Most of us have emotions that we connect with more easily than others. Your children are no different. Often kids have a “default emotional response” especially when life is stressful or big changes are happening the family.
This means that instead of showing us how scared or anxious they are, it may be easier for them to get angry and lash out or perhaps emotionally crater when they are facing a situation that feels overwhelming. For example, it may be more comfortable for Devon to scream “I hate you you” than to admit he feels scared or sad about missing Dad. On the other hand, Rochelle may be more comfortable acting like everything is fine, instead of admitting how hurt she feels when Mom doesn’t show up for her scheduled time.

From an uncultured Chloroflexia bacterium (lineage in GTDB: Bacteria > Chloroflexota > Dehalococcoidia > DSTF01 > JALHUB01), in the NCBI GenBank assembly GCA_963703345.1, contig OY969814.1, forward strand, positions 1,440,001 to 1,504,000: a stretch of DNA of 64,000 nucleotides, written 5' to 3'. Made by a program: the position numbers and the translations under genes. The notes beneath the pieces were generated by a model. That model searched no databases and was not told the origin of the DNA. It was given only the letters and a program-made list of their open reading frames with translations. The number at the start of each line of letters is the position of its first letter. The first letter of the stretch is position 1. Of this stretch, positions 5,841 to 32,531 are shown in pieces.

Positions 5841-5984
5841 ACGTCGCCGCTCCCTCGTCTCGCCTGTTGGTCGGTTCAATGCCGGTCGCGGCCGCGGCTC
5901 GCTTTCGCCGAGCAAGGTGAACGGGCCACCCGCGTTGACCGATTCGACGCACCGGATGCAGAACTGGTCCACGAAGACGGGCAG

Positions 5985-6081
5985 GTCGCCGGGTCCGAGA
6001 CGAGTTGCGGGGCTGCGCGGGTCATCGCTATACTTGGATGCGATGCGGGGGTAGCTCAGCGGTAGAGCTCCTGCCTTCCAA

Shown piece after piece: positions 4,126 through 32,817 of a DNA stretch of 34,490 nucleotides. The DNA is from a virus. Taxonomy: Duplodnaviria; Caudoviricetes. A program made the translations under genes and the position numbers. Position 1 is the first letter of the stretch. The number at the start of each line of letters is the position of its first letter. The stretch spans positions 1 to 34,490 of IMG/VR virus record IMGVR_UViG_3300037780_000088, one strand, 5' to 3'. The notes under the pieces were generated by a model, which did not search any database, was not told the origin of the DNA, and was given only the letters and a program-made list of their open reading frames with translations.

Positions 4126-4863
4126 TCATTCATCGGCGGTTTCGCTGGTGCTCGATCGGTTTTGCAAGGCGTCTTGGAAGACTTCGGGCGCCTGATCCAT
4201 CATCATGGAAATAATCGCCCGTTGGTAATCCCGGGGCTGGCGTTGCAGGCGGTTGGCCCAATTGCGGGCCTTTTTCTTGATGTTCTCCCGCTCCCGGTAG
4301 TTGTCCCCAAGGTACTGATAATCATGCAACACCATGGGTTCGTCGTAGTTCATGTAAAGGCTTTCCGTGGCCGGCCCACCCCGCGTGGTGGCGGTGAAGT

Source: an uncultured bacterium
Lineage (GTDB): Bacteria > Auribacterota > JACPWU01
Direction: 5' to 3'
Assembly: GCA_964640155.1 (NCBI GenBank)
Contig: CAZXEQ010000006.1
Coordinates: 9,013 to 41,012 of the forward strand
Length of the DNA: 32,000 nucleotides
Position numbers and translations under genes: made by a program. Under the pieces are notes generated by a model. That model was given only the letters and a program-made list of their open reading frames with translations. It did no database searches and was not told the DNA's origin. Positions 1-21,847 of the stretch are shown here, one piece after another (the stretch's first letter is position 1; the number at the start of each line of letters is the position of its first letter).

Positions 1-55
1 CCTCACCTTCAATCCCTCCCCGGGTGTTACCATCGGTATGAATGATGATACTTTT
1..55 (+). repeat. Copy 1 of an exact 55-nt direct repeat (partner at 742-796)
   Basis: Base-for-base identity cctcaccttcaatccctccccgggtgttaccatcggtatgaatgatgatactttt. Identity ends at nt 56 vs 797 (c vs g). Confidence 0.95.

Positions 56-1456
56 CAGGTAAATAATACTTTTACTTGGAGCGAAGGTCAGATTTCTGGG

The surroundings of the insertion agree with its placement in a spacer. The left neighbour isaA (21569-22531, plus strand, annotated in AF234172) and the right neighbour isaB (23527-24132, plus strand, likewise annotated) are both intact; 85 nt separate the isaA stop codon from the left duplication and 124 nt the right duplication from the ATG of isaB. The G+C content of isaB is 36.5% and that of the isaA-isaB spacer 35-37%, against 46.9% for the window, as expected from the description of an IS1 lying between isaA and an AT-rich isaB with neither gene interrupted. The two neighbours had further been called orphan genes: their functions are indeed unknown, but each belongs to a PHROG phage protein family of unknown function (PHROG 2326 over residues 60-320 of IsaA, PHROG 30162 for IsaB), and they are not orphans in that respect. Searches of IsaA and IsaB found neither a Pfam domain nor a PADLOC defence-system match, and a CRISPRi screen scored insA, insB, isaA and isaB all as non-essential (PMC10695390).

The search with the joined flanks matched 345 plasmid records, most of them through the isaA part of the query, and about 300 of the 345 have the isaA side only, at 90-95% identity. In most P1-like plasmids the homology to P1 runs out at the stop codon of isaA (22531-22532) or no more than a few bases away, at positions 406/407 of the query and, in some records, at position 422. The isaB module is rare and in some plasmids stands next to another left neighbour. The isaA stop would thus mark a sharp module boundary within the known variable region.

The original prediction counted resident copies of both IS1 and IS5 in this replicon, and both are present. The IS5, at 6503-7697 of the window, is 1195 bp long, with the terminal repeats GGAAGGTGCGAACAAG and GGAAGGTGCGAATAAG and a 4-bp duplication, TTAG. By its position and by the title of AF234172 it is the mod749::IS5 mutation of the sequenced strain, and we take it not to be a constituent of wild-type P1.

Keep in mind that our children often need us to dig a little deeper. Next time your child is emotionally struggling instead of reacting to the first feeling they show you, do your best to help them connect with the underlying feeling.